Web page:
On the hunt for a new house, Kimberly Wong walked into a 1931 Spanish Mediterranean in south Minneapolis, took one look at the main floor, and said, “This is my house—the kitchen is awful. It’s square and it’s terrible.”
You read that right. Kimberly and her husband, Bryan, wanted to buy a house that needed a new kitchen so they could make it their own. This kitchen, in particular, was the right shape (square), but it needed a makeover in a big way. With its painted off-white oak cabinets and bright green hardware, the dated room didn’t match the rest of the home.
Broken into small, compartmentalized areas that didn’t let in much light, the kitchen lacked both form and function. An unusable nook wasted one corner, while the room lacked well-designed spaces for cooking, storage, or staging the dinner parties the Wongs enjoy hosting. And it certainly wasn’t family-friendly, a growing concern with the couple’s two young sons.
The Wongs bought the house in 2007 and spent several years plotting, developing design ideas, and shopping for the right appliances before they hired Andrea Dixon and Jen Ziemer of Fiddlehead Design Group in Minneapolis to execute their new kitchen. Fiddlehead helped the Wongs fine-tune their numerous ideas and strike a balance between Kimberly and Bryan’s distinctive aesthetics. Bryan, who grew up in his parents’ restaurants, favors industrial, sleek, and functional spaces. Kimberly prefers a more Italian sensibility that’s comfortable and warm.
Ziemer and Dixon skillfully blended the two flavors in a functional room that fit the couple’s two-cook kitchen requirement. They captured significant amounts of space and natural light by tearing out the low arched entry into the nook. They gained height by removing three layers of flooring and added space—and a visual element—by removing a closet and frame surrounding a white brick chimney in the back entry.
The remodeled kitchen now boasts a large island, ample prep space, additional cabinetry, a new pantry, and high-end appliances, including a Liebherr refrigerator and a Capital range. A dash of extra fun comes from the chalkboard wall that’s low enough for the Wong boys to decorate and a second chalkboard for listing dinner-party menus. Two of Kimberly and Bryan’s favorite features: an appliance cabinet for hiding—yet keeping accessible—bulky items such as mixers and a vertical cabinet for storing baking sheets or trays.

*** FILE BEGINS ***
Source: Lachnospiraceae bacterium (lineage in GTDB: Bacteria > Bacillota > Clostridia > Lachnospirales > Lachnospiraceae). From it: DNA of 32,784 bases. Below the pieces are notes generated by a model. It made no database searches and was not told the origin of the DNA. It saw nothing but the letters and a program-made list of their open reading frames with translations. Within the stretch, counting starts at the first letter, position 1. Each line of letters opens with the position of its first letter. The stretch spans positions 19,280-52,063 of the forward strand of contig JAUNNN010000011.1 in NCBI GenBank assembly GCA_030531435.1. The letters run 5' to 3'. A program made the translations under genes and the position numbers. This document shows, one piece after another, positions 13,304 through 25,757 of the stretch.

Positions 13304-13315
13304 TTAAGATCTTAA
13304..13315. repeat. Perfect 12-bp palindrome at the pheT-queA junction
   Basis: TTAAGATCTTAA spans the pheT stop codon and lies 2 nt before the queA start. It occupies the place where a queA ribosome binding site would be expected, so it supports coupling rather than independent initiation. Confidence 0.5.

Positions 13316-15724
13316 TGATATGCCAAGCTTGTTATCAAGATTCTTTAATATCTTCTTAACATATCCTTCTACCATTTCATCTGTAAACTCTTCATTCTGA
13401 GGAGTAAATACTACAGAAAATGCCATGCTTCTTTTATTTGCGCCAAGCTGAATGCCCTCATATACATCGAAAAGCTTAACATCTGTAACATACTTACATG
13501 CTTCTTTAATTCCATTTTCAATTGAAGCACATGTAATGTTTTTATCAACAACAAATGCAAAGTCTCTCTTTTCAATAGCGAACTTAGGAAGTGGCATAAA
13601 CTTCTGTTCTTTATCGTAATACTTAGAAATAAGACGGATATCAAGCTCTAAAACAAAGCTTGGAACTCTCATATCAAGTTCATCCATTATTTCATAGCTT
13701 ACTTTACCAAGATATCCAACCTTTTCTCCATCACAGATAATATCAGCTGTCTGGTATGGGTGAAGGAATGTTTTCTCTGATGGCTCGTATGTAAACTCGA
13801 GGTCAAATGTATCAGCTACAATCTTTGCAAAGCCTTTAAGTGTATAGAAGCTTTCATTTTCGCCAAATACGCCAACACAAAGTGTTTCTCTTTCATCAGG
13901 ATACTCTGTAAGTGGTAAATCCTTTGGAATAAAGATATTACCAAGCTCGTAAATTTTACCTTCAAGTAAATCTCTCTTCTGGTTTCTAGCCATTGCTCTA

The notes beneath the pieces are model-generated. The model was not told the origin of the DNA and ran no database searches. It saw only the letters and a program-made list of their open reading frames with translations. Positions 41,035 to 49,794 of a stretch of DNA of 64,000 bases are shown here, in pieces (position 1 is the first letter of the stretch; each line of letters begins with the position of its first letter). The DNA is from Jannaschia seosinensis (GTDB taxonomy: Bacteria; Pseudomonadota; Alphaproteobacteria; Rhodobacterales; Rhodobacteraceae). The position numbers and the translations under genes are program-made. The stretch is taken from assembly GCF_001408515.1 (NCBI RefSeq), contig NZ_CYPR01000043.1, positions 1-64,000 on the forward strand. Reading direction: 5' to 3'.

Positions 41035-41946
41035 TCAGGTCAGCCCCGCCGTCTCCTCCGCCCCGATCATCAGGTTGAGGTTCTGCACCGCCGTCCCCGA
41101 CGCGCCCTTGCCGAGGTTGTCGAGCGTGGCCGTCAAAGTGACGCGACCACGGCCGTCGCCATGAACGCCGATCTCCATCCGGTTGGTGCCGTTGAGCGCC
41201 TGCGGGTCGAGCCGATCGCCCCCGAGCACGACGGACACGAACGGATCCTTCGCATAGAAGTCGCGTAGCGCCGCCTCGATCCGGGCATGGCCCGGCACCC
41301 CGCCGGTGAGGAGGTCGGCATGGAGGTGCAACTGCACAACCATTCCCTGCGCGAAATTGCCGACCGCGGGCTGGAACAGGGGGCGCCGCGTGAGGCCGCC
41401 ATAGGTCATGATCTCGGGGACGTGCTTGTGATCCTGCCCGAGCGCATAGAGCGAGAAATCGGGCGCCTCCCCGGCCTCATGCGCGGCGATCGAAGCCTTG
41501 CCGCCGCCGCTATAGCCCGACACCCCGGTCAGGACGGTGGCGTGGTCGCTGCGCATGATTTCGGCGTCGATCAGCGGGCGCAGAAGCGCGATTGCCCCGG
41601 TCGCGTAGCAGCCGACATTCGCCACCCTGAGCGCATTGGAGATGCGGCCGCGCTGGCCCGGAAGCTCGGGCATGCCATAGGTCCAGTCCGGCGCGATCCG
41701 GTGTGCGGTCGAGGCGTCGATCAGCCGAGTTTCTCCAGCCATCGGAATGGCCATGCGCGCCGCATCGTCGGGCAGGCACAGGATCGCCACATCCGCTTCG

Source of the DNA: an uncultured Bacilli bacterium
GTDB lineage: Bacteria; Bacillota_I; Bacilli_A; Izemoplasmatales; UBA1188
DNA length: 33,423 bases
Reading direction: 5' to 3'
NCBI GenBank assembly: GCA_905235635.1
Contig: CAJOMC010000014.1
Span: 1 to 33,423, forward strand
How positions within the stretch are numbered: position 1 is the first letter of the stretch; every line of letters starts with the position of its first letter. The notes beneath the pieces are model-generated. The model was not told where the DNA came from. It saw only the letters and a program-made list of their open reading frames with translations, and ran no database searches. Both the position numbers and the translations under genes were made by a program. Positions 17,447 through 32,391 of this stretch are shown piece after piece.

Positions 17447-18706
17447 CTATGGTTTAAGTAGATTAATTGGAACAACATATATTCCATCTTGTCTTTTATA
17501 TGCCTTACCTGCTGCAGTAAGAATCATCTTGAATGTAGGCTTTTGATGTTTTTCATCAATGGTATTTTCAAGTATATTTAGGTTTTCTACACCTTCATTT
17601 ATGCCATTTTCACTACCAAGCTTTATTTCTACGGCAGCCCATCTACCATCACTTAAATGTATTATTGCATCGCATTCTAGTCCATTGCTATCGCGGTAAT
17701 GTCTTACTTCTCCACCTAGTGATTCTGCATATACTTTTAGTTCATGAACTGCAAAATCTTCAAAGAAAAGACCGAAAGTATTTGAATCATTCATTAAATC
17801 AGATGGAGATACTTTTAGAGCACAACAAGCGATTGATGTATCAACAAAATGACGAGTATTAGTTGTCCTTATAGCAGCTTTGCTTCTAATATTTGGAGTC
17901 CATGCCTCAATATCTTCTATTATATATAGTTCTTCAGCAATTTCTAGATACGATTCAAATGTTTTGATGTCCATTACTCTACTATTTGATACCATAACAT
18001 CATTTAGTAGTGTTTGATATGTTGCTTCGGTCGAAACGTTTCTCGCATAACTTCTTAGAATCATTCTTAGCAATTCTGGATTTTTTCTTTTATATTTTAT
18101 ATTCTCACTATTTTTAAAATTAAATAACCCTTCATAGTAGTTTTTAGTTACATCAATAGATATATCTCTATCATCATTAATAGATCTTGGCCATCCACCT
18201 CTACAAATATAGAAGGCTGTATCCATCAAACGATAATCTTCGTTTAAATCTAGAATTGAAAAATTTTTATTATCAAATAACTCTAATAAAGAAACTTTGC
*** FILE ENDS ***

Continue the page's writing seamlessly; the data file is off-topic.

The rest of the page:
Even better, the new kitchen delineates workspace and the family and friends area. This keeps small ones out from underfoot when mom and/or dad are cooking and allows guests to congregate in the kitchen. “In these older homes, they traditionally had very small kitchens, and it’s hard to make them family-friendly,” says Dixon. “To separate the workspace from the traffic flow and kids’ space really made a difference. Before it was really cavernous. We reworked what they had, and now it feels twice as big.”
Today, the kitchen finishes contrast dark and light, industrial and European. Smokey gray granite countertops that resemble marble juxtapose with a white farmhouse sink and the white subway tile backsplash (leftover tile from a previous bathroom project).
The espresso-stained oak cabinets and original fir floor mirror the home’s other woodwork, including living and dining room moldings, a dining room buffet, and windows. Stainless-steel appliances and a hanging pot rack made of pipe incorporate industrial elements. They play against the airy globe light fixtures, the two more ornate fixtures with crystals, and a whimsical faucet on the island prep sink that add bling for the mom outnumbered by three guys.
Now the kitchen meshes better with the rest of the house. And it has truly made a difference in the Wongs’ ability to cook great meals and share them with family and friends. “The new kitchen is life-changing,” says Kimberly. “We would kick people out of the [old] kitchen when we had them over. Now this is where we are 80 percent of the time. I love it.”
Suzy Frisch is a freelance writer in Apple Valley.
Photos by Susan Gilmore
Design: Andrea Dixon, Jen Ziemer of Fiddlehead Design Group